Under Pennsylvania law, any person who an officer believes is driving under the influence of alcohol or controlled substances is required to submit to chemical testing to determine if the person has alcohol or controlled substance in his blood and, if so, how much alcohol or controlled substance. If that person refuses to submit to the chemical testing, he can receive an increased penalty, if convicted, for the DUI and the refusal.
For instance, a person convicted of a first offense DUI and who has a B.A.C. of .08%- <.10%does not face any mandatory minimum time of incarceration. If the person with a similar B.A.C. is convicted of a second offense that person faces a mandatory minimum incarceration of five days. If that person is convicted of a third offense and has the same range of B.A.C., he faces a mandatory minimum sentence of ten days. Compare that with someone who refuses chemical testing and the mandatory minimum sentences are as follows: 1st conviction w/ refusal – 72 hours; 2nd conviction w/refusal – 90 days; 3rd conviction w/refusal – one year.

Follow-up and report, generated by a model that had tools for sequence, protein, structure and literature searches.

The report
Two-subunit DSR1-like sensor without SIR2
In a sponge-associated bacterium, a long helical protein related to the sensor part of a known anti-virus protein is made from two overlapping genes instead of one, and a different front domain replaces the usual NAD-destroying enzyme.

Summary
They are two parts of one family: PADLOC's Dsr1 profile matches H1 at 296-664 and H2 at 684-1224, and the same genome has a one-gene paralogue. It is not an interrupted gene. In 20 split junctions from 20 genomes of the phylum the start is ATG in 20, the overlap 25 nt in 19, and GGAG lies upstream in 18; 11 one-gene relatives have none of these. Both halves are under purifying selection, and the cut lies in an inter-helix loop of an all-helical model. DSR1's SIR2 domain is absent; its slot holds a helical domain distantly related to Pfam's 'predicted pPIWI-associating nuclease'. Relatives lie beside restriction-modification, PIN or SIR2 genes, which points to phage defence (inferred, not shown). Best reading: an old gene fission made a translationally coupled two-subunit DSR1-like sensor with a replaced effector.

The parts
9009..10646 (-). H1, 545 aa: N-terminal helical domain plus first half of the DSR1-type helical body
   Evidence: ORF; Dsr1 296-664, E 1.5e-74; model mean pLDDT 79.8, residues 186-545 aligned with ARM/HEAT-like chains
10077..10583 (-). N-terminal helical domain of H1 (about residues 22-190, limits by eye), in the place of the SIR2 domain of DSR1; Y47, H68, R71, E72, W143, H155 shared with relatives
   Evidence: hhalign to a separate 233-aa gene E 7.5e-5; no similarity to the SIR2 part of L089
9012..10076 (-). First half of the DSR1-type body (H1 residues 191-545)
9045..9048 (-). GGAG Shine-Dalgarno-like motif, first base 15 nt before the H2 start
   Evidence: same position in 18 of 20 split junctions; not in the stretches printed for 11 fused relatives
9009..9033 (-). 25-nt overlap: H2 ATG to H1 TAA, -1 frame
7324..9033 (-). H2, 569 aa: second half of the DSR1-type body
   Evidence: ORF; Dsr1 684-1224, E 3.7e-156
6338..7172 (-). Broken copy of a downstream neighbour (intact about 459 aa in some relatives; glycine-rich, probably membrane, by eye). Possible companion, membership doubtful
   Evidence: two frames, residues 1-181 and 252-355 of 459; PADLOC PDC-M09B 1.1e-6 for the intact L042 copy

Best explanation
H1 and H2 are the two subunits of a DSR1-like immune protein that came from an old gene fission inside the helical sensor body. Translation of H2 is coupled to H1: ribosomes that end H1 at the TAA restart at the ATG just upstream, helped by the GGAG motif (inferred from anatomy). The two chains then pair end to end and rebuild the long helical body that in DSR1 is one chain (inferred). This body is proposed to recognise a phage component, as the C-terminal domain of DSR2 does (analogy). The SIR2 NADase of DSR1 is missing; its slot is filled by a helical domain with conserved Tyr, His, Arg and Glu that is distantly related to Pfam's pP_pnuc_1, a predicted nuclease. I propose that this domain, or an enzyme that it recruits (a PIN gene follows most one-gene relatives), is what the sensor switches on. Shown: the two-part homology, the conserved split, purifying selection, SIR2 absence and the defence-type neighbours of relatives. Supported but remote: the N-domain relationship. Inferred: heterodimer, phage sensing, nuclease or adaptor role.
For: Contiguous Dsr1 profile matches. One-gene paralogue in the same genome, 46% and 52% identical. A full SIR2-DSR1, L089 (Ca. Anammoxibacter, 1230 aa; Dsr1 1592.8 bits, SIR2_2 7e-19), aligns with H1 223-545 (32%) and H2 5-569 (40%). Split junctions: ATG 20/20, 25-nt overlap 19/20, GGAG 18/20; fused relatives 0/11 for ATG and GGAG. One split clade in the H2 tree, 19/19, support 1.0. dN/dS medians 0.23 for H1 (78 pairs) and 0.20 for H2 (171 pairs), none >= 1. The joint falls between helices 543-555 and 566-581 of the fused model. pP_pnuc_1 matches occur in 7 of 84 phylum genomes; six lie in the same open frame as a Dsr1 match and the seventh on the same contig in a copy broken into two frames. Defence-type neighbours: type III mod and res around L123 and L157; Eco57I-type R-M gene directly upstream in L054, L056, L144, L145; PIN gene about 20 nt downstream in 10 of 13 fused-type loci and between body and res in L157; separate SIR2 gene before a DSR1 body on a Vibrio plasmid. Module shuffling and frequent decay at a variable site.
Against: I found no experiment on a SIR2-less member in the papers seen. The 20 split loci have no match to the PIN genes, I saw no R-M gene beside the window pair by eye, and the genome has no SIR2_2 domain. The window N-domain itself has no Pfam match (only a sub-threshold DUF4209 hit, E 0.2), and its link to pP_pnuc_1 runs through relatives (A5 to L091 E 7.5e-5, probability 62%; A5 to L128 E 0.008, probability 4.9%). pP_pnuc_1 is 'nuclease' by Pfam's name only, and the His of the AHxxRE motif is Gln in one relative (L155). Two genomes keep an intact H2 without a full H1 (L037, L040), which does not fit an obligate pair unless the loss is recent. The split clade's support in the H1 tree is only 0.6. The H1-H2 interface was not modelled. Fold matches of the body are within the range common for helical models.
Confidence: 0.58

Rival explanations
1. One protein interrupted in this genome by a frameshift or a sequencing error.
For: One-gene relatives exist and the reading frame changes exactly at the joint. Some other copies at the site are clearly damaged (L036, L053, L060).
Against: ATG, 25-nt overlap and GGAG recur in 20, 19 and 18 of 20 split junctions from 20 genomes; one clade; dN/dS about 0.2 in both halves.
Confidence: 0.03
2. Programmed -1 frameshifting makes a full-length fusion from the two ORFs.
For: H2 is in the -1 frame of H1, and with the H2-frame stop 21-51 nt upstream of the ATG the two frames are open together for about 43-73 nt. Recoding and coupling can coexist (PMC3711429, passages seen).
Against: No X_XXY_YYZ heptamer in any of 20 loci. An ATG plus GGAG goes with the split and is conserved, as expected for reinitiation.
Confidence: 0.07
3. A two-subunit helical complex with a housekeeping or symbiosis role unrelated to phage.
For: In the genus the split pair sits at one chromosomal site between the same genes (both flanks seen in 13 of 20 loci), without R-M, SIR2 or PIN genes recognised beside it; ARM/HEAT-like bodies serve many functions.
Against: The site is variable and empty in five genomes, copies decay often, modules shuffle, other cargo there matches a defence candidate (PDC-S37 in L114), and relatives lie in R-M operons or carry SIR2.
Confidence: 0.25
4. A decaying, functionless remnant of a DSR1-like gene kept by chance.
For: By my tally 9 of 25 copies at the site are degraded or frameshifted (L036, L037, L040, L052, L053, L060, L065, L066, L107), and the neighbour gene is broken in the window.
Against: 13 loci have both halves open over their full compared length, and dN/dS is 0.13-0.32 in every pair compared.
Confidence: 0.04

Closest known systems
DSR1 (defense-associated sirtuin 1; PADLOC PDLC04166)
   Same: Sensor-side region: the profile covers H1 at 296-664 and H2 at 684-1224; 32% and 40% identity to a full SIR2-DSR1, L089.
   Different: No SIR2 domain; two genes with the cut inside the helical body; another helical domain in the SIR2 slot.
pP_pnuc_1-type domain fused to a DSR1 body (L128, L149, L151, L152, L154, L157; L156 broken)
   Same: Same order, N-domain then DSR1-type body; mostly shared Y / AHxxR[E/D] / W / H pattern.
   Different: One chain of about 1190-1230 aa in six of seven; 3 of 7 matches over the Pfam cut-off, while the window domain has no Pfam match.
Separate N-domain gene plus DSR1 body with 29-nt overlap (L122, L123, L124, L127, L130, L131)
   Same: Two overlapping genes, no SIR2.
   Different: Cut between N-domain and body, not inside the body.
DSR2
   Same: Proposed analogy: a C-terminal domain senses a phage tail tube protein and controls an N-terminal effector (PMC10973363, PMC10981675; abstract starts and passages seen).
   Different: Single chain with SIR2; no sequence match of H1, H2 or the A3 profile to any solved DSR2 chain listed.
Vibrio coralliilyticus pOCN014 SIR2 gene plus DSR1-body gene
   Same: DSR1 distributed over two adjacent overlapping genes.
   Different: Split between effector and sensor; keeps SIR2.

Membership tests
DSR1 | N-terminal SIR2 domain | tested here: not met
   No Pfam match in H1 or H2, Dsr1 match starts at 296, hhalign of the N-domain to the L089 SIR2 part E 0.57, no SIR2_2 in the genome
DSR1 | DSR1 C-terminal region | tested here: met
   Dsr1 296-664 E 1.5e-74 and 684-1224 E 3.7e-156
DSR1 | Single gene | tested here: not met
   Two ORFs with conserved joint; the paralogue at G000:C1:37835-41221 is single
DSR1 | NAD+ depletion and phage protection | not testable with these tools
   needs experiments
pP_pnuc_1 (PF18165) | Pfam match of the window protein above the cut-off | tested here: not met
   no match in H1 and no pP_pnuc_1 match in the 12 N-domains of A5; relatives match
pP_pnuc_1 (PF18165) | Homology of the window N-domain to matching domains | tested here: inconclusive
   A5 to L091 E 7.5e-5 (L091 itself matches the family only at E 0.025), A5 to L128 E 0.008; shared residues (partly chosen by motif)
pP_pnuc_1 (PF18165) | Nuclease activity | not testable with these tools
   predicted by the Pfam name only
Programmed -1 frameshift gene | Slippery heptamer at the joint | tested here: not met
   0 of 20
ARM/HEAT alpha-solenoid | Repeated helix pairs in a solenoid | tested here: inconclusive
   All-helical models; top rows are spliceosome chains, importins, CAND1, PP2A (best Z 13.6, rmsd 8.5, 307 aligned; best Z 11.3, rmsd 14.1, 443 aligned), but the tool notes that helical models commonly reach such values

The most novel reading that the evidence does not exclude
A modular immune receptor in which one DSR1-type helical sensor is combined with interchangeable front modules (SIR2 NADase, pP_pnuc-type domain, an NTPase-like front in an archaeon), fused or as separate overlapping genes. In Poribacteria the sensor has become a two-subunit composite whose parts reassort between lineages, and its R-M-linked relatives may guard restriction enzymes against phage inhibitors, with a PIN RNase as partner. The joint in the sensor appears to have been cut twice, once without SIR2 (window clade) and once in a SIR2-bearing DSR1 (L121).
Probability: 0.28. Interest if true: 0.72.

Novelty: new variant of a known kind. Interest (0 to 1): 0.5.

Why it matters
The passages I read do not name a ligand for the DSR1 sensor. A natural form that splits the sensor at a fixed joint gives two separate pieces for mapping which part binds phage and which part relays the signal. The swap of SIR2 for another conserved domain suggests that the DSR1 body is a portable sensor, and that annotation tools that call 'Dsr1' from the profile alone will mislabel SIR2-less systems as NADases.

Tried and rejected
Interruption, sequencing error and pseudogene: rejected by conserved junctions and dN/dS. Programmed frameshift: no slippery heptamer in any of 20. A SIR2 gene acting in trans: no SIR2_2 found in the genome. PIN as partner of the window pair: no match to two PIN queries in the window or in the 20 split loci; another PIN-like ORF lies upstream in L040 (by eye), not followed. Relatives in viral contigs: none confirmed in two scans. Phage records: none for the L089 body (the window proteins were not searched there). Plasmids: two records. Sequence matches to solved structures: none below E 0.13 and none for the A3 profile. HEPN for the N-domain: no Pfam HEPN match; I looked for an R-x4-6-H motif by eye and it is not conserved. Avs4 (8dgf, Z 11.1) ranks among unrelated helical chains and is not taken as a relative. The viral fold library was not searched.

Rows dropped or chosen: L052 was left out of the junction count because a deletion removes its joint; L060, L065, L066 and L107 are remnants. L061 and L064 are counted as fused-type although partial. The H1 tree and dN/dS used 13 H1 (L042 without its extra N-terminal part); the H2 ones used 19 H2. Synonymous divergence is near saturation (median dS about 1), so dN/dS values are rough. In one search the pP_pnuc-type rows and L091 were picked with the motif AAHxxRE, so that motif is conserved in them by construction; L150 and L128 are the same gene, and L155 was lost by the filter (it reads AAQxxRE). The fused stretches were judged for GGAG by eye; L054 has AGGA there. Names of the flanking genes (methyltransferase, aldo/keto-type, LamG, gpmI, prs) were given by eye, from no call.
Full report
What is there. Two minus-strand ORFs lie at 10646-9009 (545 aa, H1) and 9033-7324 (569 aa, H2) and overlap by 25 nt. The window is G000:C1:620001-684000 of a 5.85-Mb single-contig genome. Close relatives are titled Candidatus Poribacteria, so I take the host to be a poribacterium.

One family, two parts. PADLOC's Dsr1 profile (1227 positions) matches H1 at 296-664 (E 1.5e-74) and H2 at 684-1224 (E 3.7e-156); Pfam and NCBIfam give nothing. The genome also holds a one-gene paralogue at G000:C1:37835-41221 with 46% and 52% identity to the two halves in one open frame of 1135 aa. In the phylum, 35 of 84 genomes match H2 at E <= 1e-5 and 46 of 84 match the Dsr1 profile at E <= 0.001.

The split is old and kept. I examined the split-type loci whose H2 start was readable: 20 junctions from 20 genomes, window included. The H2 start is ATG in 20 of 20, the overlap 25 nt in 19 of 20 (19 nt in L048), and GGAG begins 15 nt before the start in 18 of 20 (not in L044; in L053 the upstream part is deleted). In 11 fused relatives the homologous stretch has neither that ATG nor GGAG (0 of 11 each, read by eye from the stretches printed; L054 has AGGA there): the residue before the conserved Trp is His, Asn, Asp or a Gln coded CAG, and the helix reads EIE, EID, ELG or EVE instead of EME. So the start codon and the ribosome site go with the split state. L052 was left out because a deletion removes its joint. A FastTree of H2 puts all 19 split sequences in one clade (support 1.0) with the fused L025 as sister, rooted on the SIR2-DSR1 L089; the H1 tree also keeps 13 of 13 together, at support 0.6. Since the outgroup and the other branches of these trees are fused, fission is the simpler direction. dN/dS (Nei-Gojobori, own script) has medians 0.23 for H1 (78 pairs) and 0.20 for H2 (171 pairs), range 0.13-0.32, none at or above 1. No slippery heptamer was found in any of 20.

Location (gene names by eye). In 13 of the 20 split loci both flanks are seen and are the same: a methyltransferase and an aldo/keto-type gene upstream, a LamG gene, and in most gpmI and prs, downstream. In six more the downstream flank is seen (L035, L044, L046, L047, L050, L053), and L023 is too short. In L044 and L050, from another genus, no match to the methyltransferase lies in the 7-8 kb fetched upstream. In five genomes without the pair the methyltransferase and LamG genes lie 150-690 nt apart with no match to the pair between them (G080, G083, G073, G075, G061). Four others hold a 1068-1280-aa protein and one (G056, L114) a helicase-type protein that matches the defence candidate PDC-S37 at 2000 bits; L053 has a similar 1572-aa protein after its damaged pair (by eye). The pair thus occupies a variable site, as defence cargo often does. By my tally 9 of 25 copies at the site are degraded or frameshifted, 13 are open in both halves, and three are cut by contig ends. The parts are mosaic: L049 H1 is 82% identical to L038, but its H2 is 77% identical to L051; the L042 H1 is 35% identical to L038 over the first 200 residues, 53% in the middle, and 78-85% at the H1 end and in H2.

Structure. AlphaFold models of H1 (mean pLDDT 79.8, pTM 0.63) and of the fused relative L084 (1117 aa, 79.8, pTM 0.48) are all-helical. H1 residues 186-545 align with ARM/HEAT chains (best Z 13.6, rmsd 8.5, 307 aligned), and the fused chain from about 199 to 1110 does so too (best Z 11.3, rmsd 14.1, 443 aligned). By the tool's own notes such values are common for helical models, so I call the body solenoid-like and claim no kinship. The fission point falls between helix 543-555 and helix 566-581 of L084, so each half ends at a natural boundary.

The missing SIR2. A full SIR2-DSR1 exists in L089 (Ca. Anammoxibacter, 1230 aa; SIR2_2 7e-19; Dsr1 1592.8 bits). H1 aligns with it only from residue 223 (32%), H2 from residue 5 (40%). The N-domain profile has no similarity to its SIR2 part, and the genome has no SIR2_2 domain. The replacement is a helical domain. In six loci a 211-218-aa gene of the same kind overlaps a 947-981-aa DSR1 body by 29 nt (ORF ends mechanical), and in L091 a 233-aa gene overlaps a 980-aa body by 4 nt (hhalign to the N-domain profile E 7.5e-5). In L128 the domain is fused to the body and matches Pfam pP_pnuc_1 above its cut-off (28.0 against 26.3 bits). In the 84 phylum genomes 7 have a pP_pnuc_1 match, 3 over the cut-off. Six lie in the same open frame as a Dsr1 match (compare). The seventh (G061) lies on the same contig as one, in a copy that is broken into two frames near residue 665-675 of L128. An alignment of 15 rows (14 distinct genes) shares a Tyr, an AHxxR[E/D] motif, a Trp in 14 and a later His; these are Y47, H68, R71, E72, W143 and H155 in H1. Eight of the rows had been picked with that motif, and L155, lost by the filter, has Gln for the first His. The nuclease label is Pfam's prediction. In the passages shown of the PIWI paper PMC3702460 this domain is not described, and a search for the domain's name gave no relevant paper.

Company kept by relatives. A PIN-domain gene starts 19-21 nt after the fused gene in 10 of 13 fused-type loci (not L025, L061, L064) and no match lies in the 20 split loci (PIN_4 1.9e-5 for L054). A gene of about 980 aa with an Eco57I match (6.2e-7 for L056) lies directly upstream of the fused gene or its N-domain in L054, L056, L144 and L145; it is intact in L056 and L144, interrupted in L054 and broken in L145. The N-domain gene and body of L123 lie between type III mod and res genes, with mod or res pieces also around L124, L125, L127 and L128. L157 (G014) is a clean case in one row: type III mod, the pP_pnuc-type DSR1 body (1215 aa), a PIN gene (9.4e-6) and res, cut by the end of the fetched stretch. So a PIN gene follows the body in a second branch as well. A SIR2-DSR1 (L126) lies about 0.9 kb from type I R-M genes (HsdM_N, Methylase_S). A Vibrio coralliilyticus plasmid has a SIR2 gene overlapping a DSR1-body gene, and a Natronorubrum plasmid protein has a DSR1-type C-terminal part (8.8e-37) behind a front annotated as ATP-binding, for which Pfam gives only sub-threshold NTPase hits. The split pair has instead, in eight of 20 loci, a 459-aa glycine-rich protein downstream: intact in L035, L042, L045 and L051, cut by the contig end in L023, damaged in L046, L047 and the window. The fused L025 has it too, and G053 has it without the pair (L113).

In order to prove that thee accused has refused to submit to chemical testing, the district attorney must first prove that the arresting officer actually read the implied consent warning to the accused prior to chemical testing. If the officer failed to read the implied consent warning to the accused, Pennsylvania courts have held that the accused cannot be convicted of refusing chemical testing. If the officer read the implied consent warning, the district attorney must prove that the accused refused the chemical testing either explicitly (stating he refused chemical testing and signing the warning next to the refusal line) or implicitly (refusing based on behavior).